Addicted to smoking? blame your genesBy IANS
Monday, January 31, 2011
LONDON - Those who say they cannot quit smoking, no matter how hard they try, could now blame their genes.
Scientists have discovered a brain pathway which, if not functioning correctly, can lead to an uncontrollable desire to smoke, reports dailymail.co.uk.
The fault lies in a receptor protein that is normally activated by the nicotine in cigarettes and dampens the desire for yet more of the drug.
The team found that when rats were genetically changed to block the protein, they consumed far more nicotine.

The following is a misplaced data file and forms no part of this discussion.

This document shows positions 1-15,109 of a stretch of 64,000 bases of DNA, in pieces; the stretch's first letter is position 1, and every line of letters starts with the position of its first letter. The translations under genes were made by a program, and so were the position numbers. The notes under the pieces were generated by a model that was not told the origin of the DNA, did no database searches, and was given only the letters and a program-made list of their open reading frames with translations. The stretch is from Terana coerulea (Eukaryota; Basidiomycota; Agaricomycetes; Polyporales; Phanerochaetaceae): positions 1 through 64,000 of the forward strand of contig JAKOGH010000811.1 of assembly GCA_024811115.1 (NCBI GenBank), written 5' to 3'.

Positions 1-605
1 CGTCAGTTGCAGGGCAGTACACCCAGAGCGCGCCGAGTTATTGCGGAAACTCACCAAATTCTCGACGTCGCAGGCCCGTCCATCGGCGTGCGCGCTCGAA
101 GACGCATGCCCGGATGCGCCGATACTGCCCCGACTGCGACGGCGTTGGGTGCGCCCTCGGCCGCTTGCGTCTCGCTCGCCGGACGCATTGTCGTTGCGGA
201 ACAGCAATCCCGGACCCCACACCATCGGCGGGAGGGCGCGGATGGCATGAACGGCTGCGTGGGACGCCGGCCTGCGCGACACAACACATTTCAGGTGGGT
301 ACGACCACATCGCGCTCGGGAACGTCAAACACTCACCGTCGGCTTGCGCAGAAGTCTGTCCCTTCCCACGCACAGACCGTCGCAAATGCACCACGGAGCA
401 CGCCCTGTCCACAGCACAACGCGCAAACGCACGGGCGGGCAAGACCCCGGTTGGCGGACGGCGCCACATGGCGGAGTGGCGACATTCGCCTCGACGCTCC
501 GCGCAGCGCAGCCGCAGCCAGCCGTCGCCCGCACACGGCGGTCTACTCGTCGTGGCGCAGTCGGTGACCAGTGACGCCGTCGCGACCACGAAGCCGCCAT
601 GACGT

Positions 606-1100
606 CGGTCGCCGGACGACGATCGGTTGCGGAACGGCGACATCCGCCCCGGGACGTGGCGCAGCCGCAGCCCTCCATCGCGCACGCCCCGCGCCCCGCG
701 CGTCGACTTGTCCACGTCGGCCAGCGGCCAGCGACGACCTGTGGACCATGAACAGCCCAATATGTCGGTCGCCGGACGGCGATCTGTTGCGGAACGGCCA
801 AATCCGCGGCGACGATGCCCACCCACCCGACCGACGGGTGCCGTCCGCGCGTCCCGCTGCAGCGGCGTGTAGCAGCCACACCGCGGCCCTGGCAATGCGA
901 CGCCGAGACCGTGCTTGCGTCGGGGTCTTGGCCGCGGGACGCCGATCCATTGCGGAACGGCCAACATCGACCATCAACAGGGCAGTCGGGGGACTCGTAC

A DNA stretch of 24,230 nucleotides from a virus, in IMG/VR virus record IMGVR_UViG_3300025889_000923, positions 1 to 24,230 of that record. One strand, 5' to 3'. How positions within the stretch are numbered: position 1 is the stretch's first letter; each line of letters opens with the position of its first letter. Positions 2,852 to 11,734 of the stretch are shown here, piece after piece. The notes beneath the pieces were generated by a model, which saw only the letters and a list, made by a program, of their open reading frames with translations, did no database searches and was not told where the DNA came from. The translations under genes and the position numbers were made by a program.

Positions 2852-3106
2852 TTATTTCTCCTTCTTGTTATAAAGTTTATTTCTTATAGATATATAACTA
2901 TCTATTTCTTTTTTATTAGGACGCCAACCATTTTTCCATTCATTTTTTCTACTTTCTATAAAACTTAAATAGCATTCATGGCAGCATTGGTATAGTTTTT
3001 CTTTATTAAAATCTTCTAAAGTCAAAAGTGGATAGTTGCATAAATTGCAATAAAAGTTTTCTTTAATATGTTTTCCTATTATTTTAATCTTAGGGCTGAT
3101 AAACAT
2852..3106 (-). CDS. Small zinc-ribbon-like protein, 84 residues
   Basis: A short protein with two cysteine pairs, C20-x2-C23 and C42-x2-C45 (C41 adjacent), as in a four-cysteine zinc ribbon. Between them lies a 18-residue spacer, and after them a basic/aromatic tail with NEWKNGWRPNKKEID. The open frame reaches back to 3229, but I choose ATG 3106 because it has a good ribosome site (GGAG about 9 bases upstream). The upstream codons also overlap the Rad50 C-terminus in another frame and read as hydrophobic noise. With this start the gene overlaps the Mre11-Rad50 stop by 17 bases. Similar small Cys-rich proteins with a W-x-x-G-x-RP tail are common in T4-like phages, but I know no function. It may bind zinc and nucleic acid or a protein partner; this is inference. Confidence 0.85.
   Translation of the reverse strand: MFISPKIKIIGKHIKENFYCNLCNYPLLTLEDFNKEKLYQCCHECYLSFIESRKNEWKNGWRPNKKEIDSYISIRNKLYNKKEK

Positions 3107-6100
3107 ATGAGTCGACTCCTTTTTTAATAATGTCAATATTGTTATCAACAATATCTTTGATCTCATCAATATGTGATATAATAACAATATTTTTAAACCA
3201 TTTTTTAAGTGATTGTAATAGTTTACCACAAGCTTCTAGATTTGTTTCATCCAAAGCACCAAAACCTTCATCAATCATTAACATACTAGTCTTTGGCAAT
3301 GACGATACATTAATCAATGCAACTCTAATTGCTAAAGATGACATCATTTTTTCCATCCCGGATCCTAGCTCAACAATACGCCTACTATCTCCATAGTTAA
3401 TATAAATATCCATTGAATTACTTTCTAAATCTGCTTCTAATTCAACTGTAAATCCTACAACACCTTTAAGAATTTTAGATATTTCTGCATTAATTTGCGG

Professor Paul Kenny, of The Scripps Research Institute, Florida, said: These findings point to a promising target for the development of potential anti-smoking therapies.
The data could explain why some people are far more vulnerable to the addictive properties of nicotine and more likely to develop smoking-associated diseases such as lung cancer, he added.